Readaloud of the Week: The Dollhouse Murders

The Dollhouse Murders
By Betty Ren Wright

Just in time for Halloween reading, The Dollhouse Murders is a just-spooky-enough mystery that will have everyone glued to her seat waiting for the next chapter.

On the surface, The Dollhouse Murders is a pretty classic ghost mystery story. Amy Treloar, who is taking a much-needed break from her family to stay with her aunt in the old family mansion, discovers a dollhouse in the attic. At first she's thrilled: The dollhouse is designed to look exactly like the house she's staying in, and the dollhouse family looks like the family who lived there: Amy's grandparents, her Aunt Claire, and her dad, who was just a little boy at the time. But then Amy notices something strange. Wherever she leaves the dolls, they're always in a different position when she comes back. And when she discovers that her great-grandparents were murdered in the house, she realizes that the dolls keep returning to the same positions they were in when her great-grandparents were murdered. Is the dollhouse trying to tell her something? Aunt Claire, who discovered her grandmother's body in the parlor and whose then-fiance died in a car accident the same night, isn't ready to talk about what happened to her parents, but the ghosts of the dollhouse aren't willing to be quiet about the past any longer.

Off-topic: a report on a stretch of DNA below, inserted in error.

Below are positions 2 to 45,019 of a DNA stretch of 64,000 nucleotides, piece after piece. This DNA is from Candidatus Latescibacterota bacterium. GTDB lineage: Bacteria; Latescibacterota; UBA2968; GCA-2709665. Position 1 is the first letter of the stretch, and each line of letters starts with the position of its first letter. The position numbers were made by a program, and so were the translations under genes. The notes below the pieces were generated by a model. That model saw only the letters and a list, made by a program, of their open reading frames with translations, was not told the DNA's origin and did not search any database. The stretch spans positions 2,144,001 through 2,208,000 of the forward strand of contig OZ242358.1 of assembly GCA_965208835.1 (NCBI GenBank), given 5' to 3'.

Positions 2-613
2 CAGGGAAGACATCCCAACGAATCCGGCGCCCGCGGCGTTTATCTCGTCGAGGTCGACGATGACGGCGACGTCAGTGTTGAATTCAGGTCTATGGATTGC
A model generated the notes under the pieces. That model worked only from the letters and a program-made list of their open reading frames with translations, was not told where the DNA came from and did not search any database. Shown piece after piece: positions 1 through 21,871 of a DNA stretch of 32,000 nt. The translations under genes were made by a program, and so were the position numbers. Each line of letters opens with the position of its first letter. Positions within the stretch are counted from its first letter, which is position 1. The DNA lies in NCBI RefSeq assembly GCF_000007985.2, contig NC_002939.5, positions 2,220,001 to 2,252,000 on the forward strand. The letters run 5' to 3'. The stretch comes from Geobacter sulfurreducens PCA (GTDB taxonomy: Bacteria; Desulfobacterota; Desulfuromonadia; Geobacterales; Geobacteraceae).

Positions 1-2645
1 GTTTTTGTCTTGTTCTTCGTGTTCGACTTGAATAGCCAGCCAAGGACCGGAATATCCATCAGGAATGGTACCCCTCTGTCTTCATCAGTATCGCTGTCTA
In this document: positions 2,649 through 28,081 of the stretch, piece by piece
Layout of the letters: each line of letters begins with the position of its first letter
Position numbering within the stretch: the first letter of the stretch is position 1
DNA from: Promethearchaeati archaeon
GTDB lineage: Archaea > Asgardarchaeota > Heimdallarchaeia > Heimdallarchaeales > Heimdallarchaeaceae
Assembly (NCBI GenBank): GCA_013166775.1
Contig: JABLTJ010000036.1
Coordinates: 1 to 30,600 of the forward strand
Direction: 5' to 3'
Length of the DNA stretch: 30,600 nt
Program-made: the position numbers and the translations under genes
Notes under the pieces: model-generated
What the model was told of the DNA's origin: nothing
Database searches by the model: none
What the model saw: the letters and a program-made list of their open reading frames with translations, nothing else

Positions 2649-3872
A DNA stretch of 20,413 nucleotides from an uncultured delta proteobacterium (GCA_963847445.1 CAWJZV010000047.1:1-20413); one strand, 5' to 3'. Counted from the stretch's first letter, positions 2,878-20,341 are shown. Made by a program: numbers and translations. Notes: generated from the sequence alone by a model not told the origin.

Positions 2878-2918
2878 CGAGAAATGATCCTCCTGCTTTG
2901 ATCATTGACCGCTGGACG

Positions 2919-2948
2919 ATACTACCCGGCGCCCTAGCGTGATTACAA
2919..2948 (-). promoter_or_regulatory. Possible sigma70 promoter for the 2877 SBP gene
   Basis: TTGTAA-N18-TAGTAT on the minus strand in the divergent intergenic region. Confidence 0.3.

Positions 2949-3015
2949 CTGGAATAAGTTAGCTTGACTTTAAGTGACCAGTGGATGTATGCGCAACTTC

What makes it a great readaloud: There’s more to this book than just a good ghost story, though—even though this book is prime read-it-with-the-flashlight-under-your-covers material. Amy is a genuinely interesting heroine, trying to figure out how to be a good sister to her brain-damaged sister while still having her own life and her own friends. Her aunt is equally complex—so torn by guilt about her teenage rebellion that she can't seem to make peace with her past. Solving the mystery of the dollhouse murders also helps Amy and Claire come to terms with themselves, so the solution (which feels a little ham-handed, honestly, on its own) is much more satisfying. Bonus: Random references to things like Charlie bath powder will remind parents of the awesomeness of living in the 1980s.

But be aware: Part of the fun of this book is its atmospheric spookiness, but the dollhouse ghosts might be too creepy for anxious or very sensitive kids.

Quotable: “Dolls can’t move by themselves, she told herself, and felt goosebumps pop up on her arms.”